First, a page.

Persistence of low back/pelvic girdle pains in women after pregnancy: An experience from Aminu Kano Teaching Hospital, Nigeria


Submitted: October 7, 2019
Accepted: January 30, 2020
Published: March 17, 2020
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Authors

  • Ayyuba Rabiu Department of Obstetrics and Gynecology, Bayero University Kano/Aminu Kano Teaching Hospital, Kano, Nigeria.
  • Mustapha Ibrahim Usman Department of Surgery, Bayero University Kano/Aminu Kano Teaching Hospital, Kano, Nigeria.
  • Muhammad Kabir Abubakar Department of Surgery, Bayero University Kano/Aminu Kano Teaching Hospital, Kano, Nigeria.
  • Sulaiman Muhammad Daneji Department of Obstetrics and Gynecology, Bayero University Kano/Aminu Kano Teaching Hospital, Kano, Nigeria.
  • Ibrahim Garba Department of Obstetrics and Gynecology, Bayero University Kano/Aminu Kano Teaching Hospital, Kano, Nigeria.
  • Shamsuddeen Muhammad Department of Surgery, Bayero University Kano/Aminu Kano Teaching Hospital, Kano, Nigeria.
  • Idris Sulaiman Abubakar Department of Obstetrics and Gynecology, Bayero University Kano/Aminu Kano Teaching Hospital, Kano, Nigeria.

Persistence of symptoms of low back pains and pelvic girdle pains are frequent complaints after pregnancy. Knowledge of back pain prevention and back education is essential for prevention and relief of persistence pains after delivery. The aim is to determine the factors that are associated with persistence of low back/girdle pains after pregnancy, the severity of the pains and measures undertaken by the patients for alleviation of this chronic condition. The study was a cross sectional survey. Ethics approval was obtained from Aminu Kano Teaching Hospital Ethics Committee. Information such as socio demographic characteristics of the clients, persistence and severity of low back pains/pelvic girdle pains after pregnancy and associated risk factors, was asked and documented on a questionnaire. Consecutive, consenting clients were recruited for the survey. Data collected were analyzed using SPSS Version 19. Qualitative data were summarized using frequencies and percentages. χ2 and Fishers’ Exact tests were used, where appropriate, for categorical data. A P value of ≤0.05 was considered significant. During the period, 51 patients with chronic back/pelvic girdle pains or both were recruited. Their mean age (±SD) was 30.9±5.62 years. Bed rest was the most means of relief of low back/pelvic girdle pains. Variables such as advancing age, ethnic group, high parity, educational status and obesity were found to be present and high among patients with persistence of low back/pelvic girdle pains. However, only their employment status was found to be associated with the severity of their pains (χ2 =11.443, P=0.001). The survey showed only employment status was statistically associated with severity of the low back/pelvic girdle pains (χ2 =11.443, P=0.001). Other variables were not associated. There was low knowledge of back pain prevention and back education among the study group.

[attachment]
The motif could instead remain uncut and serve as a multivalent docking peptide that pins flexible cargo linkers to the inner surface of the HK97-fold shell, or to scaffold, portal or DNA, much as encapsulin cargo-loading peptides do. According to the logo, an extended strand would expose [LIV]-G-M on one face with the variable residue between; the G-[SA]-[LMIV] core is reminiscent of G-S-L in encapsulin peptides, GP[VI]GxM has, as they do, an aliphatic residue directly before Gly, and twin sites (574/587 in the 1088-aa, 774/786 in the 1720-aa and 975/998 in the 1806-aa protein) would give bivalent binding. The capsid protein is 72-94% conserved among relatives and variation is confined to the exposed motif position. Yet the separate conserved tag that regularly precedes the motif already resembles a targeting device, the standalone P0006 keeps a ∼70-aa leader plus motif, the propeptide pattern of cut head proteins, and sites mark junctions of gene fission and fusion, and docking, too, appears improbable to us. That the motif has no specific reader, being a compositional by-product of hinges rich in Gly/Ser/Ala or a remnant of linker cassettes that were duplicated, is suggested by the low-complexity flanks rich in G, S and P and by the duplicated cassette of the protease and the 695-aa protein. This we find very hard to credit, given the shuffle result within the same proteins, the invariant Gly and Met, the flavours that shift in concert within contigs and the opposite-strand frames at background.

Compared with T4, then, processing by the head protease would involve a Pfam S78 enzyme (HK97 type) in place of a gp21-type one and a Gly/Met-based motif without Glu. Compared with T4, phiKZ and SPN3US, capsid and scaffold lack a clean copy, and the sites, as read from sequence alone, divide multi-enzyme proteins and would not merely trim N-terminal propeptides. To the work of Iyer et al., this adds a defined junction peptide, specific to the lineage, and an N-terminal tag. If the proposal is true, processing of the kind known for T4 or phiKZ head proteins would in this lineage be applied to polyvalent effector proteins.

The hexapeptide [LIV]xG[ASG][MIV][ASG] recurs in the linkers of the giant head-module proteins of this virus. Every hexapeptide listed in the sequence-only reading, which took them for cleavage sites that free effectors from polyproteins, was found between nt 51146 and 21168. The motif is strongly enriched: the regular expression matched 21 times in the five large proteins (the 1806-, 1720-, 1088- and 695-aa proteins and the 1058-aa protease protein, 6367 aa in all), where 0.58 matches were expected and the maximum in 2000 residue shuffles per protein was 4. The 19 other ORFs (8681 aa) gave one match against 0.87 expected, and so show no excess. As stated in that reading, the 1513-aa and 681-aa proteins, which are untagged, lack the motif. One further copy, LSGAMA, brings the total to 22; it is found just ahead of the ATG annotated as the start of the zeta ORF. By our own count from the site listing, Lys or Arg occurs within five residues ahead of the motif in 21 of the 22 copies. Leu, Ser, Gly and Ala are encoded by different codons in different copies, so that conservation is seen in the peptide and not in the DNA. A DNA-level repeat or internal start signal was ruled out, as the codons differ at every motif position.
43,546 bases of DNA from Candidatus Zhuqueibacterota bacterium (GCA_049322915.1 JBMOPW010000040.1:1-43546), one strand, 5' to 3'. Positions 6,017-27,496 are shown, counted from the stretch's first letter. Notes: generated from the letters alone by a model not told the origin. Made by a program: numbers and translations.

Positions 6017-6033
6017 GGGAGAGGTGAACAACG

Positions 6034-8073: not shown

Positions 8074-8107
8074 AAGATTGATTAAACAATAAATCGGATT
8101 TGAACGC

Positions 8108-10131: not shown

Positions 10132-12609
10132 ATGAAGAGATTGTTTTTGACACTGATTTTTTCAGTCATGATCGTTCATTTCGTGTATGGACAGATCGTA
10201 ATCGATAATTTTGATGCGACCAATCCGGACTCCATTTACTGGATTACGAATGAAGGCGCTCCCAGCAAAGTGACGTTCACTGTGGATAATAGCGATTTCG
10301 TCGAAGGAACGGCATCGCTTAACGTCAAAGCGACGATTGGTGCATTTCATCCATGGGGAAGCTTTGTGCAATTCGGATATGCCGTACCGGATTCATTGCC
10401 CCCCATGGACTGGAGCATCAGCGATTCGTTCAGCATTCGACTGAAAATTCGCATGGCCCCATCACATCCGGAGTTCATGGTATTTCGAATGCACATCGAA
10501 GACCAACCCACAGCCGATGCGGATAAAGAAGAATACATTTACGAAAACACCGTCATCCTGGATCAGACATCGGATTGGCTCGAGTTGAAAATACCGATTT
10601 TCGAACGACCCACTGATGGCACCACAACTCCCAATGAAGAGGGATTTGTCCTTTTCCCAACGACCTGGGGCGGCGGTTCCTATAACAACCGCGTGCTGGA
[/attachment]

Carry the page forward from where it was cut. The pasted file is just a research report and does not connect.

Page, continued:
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Rabiu, Ayyuba, Mustapha Ibrahim Usman, Muhammad Kabir Abubakar, Sulaiman Muhammad Daneji, Ibrahim Garba, Shamsuddeen Muhammad, and Idris Sulaiman Abubakar. 2020. “Persistence of Low back/Pelvic Girdle Pains in Women After Pregnancy: An Experience from Aminu Kano Teaching Hospital, Nigeria”. Annals of African Medical Research 2 (2). https://doi.org/10.4081/aamr.2019.90.

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